“I am reacting in real time to that. Frankly, that’s the first I’ve heard of that. There’s a code of judicial ethics that applies to all court officials that says no judicial officer should give their opinion about someone’s guilt or innocence while the case is pending and pending includes while the case is on appeal,” attorney Jim Griffin told NewsNation senior national correspondent Brian Entin.
“I’m flabbergasted that she is expressing her personal opinion that he murdered his wife and son and had help. I mean this is the first I’ve heard of that, and it’s shocking,” he continued.
During an appearance on “Dan Abrams Live,” Griffin reacted to Hill’s claims in new episodes of Netflix’s “Murdaugh Murders: A Southern Scandal” that dropped last week.
In the docuseries, Hill suggests that she thinks Murdaugh may have had help with the murders of his wife and youngest son.
“I do think Alex pulled the trigger, and then I think he had help with cleaning up everything that needed cleaning up,” Hill said in the series. “And what we had left was the crime scene that took us to the trial.”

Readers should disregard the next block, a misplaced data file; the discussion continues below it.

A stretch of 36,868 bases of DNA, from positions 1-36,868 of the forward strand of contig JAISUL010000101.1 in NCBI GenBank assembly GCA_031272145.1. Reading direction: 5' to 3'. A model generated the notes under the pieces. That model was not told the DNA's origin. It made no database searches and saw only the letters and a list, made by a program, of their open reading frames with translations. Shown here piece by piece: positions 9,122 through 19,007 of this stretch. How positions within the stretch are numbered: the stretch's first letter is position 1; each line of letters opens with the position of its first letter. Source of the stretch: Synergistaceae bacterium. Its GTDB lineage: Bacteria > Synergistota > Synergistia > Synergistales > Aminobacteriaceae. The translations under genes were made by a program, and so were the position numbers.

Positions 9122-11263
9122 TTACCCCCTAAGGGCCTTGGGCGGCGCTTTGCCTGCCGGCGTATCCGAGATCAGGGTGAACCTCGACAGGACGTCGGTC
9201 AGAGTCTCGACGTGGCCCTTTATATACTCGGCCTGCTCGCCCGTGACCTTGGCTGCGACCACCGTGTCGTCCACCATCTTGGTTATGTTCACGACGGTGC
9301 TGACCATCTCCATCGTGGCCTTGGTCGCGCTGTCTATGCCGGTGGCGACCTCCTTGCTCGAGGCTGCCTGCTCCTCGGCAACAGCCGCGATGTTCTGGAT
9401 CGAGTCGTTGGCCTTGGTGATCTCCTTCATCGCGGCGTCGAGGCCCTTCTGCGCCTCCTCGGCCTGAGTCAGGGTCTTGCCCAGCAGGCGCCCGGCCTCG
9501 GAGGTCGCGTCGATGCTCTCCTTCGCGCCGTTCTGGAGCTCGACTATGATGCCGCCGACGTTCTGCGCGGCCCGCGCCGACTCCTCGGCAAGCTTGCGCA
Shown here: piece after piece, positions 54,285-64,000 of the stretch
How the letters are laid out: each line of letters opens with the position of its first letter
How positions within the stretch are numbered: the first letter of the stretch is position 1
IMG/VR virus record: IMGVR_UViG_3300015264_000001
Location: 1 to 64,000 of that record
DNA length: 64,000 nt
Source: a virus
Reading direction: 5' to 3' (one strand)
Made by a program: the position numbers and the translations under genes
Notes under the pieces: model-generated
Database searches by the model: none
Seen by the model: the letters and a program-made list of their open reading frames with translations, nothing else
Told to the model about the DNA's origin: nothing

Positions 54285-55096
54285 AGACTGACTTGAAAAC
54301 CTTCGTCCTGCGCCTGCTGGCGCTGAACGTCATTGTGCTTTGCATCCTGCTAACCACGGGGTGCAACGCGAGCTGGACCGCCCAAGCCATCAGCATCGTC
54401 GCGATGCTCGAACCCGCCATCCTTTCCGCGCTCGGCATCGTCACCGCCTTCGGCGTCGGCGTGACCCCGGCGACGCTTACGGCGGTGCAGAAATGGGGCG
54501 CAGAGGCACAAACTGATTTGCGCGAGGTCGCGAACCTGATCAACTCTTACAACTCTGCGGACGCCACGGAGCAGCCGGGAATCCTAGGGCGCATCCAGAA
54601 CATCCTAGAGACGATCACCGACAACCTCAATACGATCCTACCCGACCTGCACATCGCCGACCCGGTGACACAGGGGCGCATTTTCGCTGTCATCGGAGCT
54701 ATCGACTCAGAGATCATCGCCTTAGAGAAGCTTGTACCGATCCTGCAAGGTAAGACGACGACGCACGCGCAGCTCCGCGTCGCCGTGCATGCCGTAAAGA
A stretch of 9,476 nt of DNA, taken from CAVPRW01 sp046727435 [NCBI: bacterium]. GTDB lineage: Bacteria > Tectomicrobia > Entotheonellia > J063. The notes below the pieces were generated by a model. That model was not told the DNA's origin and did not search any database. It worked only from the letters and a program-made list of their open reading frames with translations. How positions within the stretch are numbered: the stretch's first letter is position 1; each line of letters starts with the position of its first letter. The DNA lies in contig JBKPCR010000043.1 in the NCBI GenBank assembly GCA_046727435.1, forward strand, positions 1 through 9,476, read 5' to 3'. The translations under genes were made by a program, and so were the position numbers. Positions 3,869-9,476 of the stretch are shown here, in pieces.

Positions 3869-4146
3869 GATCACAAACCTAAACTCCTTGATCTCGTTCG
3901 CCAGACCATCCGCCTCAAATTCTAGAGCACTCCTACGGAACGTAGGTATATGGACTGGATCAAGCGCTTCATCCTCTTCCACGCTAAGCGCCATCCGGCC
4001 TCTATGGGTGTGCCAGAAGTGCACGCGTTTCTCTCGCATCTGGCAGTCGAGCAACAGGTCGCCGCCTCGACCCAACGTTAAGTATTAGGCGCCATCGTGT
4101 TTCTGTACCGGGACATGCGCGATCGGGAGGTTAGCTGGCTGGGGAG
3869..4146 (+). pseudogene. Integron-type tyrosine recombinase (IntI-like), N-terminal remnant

Griffin appeared to be surprised that an officer of the court would openly share what she thought about the case.
“It’s just one more shocking revelation in a series of things that we’ve learned since the trial,” Griffin said.
Griffin and the rest of Murdaugh’s legal team are appealing the convicted murderer’s conviction based on what they call “unprecedented” actions by Hill. She is accused by Murdaugh’s team of telling jurors to not be “misled” or “fooled” by his testimony.
“The things that she is alleged to have done are crimes. I mean, they are crimes under the South Carolina code of laws. So, if she did what the jurors reported she did, she’s in legal jeopardy as much as Alex Murdaugh is in legal jeopardy,” Griffin said.
An attorney for some of the jurors has disputed claims presented by Murdaugh’s attorneys.
“It is very, very, very likely that the jurors who didn’t hear it can be telling the truth and the jurors that did hear it can be telling the truth,” Griffin said. “What we’ve learned is jurors were housed in two separate rooms in the courthouse and that the information we’ve been provided is that it was not a secret within the jury room as to where people stood all along during the case. If Hill is going to lobby one group of jurors or if she’s going to lobby all of them, but if you’re going to pick a few, she’s going to pick a few who are the fence setters.”
He continued: “And those are the folks who have come forward and given us statements that they were unsure of Alex and they were waiting to hear all evidence.”
In March, Alex Murdaugh, a member of a once-powerful legal dynasty in South Carolina, was found guilty of murdering his wife Maggie and youngest son Paul. He was sentenced to life without parole. The disbarred attorney also pleaded guilty to numerous financial federal charges last week.